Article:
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Benjamin E. Deloso, Anders J. Lindström, Frank A. Camacho and Thomas E. Marler

, and 100% for the 3, 8, or 30 mg·g −1 plants. Table 1. The response of Zamia furfuracea and Zamia integrifolia stem cuttings to indole-3-butyric acid concentrations of 0, 3, 8, 16, or 30 mg·g −1 . N = 25. The Z. integrifolia IBA study lasted 356

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Thomas E. Marler and Leah E. Willis

Leaf gas exchange characteristics for 16 species of cycad were determined under field conditions in Miami, Fla. Net CO2 assimilation (ACO2) ranged from 4.9 μmol·m-2·s-1 for Lepidozamia peroffskyana Regel to 10.1 μmol·m-2·s-1 for Zamia furfuracea L. fil. in Aiton. Stomatal conductance to H2O (gs) was more variable, ranging from 85 mmol·m-2·s-1 for Cycas seemannii A. Br. to 335 mmol·m-2·s-1 for Encephalartos hildebrandtii A. Br. & Bouche. Transpiration (E) ranged from 1.7 mmol·m-2·s-1 for Cycas chamberlainii W.H. Brown & Keinholz to 4.8 mmol·m-2·s-1 for Encephalartos hildebrandtii. Highly variable E was more controlling of water-use efficiency than the less-variable ACO2. The difference between air and pinnae temperature ranged from 0.3 to 1.6 °C and was inversely related to mean gs among the species. The values within geographic regions representative of the native habitats of the species were highly variable. For example, two of the African species exhibited the highest and lowest values of water-use efficiency in the survey. Leaf gas exchange for the four largest species with arborescent growth form was less than that for the three small species with subterranean or short bulbous growth form. The diurnal variation in leaf gas exchange for Zamia furfuracea exhibited a two-peaked pattern with a distinct midday depression in ACO2 and gs. The ratio of dark respiration to maximum ACO2 for Zamia furfuracea was 0.04. As a group, the values for ACO2 and gs for these cycads ranked at the lower end of the range for all plants species.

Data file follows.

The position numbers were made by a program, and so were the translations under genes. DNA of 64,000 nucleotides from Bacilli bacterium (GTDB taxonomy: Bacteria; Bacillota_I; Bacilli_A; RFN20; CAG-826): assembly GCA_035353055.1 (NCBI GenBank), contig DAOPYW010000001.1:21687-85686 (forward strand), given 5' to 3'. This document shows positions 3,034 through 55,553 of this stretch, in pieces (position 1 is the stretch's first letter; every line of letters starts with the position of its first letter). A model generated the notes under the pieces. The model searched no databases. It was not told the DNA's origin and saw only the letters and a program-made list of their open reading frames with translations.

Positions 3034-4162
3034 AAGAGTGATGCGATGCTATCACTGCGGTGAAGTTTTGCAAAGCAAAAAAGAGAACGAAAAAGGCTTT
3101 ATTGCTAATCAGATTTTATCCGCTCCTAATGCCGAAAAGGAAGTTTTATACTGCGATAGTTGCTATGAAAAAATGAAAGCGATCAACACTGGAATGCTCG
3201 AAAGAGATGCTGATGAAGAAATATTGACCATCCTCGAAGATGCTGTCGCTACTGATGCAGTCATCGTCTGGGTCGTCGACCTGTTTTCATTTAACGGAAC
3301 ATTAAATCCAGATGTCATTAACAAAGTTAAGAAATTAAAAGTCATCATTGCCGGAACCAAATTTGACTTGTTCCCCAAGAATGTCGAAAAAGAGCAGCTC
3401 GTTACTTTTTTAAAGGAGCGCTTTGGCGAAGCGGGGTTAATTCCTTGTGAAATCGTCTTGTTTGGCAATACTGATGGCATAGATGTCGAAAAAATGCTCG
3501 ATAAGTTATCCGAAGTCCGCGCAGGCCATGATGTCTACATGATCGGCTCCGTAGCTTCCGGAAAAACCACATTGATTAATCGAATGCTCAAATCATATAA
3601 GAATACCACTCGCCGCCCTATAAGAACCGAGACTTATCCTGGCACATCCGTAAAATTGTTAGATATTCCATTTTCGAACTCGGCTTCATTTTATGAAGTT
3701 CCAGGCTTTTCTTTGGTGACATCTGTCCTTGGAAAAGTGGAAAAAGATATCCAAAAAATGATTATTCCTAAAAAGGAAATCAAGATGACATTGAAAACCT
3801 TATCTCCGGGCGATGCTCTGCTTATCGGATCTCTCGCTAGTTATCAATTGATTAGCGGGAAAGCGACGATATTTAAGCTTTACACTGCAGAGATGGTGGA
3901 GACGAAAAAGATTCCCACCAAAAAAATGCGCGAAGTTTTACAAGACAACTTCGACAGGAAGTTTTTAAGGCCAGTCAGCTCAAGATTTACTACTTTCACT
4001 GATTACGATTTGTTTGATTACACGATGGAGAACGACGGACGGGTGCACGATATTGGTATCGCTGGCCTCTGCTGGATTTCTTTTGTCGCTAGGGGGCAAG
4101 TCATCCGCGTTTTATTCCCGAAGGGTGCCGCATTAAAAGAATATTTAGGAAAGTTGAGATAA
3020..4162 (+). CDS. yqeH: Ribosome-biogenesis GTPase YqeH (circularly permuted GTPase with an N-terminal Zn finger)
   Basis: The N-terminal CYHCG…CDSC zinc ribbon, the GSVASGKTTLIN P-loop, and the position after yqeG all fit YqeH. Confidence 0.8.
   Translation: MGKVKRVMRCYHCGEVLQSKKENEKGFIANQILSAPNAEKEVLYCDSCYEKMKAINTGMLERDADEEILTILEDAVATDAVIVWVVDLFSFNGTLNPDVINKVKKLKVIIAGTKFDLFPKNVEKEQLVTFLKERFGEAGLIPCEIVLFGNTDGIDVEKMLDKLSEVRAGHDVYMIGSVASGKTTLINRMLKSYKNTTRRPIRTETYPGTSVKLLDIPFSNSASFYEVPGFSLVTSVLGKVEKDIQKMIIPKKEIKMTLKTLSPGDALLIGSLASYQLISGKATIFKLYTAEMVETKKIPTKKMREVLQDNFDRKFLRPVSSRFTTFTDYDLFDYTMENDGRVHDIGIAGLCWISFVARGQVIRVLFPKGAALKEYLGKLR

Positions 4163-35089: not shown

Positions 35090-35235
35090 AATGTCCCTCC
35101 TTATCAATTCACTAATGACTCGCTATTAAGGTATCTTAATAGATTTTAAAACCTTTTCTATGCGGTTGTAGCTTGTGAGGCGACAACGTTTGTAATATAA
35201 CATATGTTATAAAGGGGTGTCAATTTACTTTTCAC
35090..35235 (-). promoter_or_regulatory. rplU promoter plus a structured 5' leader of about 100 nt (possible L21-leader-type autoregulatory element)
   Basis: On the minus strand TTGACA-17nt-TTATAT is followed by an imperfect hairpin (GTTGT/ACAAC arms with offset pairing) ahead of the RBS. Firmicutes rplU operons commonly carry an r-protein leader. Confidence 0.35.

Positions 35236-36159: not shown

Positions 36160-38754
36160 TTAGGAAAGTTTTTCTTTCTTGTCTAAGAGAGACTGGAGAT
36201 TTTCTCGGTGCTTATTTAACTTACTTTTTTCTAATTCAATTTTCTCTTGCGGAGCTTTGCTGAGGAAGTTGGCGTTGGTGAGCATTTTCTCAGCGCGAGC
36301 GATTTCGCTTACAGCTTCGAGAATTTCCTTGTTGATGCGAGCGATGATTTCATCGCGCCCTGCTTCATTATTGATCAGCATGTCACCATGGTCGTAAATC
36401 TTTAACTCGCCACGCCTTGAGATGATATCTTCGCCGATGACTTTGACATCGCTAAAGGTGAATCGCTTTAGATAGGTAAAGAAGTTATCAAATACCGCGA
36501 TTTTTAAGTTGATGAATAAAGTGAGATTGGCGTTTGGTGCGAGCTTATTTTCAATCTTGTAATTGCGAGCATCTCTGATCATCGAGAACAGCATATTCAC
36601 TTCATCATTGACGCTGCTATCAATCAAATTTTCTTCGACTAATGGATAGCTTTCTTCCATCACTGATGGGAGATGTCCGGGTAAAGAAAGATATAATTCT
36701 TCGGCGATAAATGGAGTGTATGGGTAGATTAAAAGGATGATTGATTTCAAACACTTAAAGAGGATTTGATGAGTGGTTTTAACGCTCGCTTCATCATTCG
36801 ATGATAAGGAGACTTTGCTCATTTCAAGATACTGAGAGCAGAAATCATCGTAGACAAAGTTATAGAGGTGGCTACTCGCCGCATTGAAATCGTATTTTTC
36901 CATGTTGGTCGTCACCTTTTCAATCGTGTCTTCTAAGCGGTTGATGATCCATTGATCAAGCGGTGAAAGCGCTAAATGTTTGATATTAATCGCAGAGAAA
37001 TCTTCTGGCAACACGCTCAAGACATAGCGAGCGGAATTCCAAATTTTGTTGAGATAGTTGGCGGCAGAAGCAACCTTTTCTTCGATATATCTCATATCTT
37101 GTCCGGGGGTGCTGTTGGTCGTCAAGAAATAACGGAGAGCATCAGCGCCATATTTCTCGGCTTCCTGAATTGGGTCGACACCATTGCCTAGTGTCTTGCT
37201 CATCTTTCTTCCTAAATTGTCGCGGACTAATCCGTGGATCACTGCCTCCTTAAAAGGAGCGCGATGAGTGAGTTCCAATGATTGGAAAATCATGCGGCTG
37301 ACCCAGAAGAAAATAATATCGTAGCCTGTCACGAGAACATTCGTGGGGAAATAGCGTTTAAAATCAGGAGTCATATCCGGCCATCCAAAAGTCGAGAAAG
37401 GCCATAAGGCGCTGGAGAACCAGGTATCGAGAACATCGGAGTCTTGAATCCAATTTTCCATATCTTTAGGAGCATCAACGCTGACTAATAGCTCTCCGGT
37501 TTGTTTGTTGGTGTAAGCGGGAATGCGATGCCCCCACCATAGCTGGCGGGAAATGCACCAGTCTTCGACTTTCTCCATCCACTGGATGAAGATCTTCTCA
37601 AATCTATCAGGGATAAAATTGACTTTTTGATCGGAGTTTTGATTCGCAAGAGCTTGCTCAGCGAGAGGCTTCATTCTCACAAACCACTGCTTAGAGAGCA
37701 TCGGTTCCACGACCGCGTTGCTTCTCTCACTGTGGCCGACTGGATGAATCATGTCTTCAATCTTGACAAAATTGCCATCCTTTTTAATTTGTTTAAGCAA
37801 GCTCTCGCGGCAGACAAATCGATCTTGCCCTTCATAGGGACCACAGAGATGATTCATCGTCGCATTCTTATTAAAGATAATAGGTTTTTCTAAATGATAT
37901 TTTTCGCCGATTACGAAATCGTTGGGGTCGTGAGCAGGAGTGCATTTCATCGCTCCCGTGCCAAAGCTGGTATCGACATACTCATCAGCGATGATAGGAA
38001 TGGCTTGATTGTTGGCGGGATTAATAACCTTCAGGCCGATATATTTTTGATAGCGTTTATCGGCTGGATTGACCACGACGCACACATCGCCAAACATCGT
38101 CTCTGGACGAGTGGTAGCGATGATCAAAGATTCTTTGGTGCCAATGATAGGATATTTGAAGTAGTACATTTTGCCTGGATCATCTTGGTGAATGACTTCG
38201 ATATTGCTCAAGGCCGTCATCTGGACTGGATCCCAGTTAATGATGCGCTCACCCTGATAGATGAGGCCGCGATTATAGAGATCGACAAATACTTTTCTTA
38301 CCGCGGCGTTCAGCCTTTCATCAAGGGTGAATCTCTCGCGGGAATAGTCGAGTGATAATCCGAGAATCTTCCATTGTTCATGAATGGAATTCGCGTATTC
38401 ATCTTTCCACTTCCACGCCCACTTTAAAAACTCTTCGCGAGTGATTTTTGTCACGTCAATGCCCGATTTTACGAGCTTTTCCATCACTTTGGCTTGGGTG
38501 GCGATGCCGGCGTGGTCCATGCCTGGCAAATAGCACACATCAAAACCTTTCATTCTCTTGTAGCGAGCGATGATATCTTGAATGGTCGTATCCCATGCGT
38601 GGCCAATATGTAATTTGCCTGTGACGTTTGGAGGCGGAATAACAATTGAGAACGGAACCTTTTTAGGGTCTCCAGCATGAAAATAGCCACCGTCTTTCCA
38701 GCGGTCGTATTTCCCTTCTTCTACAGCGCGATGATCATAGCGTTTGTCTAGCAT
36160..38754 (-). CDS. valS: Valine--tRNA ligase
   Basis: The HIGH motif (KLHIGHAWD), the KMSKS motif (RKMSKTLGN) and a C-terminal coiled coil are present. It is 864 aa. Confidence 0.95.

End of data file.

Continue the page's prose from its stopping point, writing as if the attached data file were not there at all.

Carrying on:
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Thomas E. Marler and Nirmala Dongol

primary threat to many of the described species ( Donaldson, 2003 ; Norstog and Nicholls, 1997 ). Cycas revoluta Thunb., marketed as sago palm, and Zamia furfuracea L. f. ex Aiton, marketed as cardboard palm, are the two species most commonly

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Thomas E. Marler, Vivian Lee and Christopher A. Shaw

attained national and international popularity in the landscape and nursery industries. Cycas rumphii Miquel and Zamia furfuracea Aiton are also common but are less popular than C. revoluta internationally. Despite their horticultural appeal, the rest

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Thomas E. Marler and Nirmala Dongol

female cones of the cycad Zamia furfuracea and their significance in relation to pollination biology Bot. J. Linn. Soc. 111 241 252

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Trenton Hamada, Irene Terry, Robert Roemer and Thomas E. Marler

the range of all of the cycad species’ pollen, ≈15.5 × 21.1 to 19 × 28 µm. All cycad species exhibited relatively low pollen settling velocities ( Table 2 ), with means ranging from 0.73 cm·s −1 for Zamia furfuracea to 1.29 cm·s −1 for Zamia sp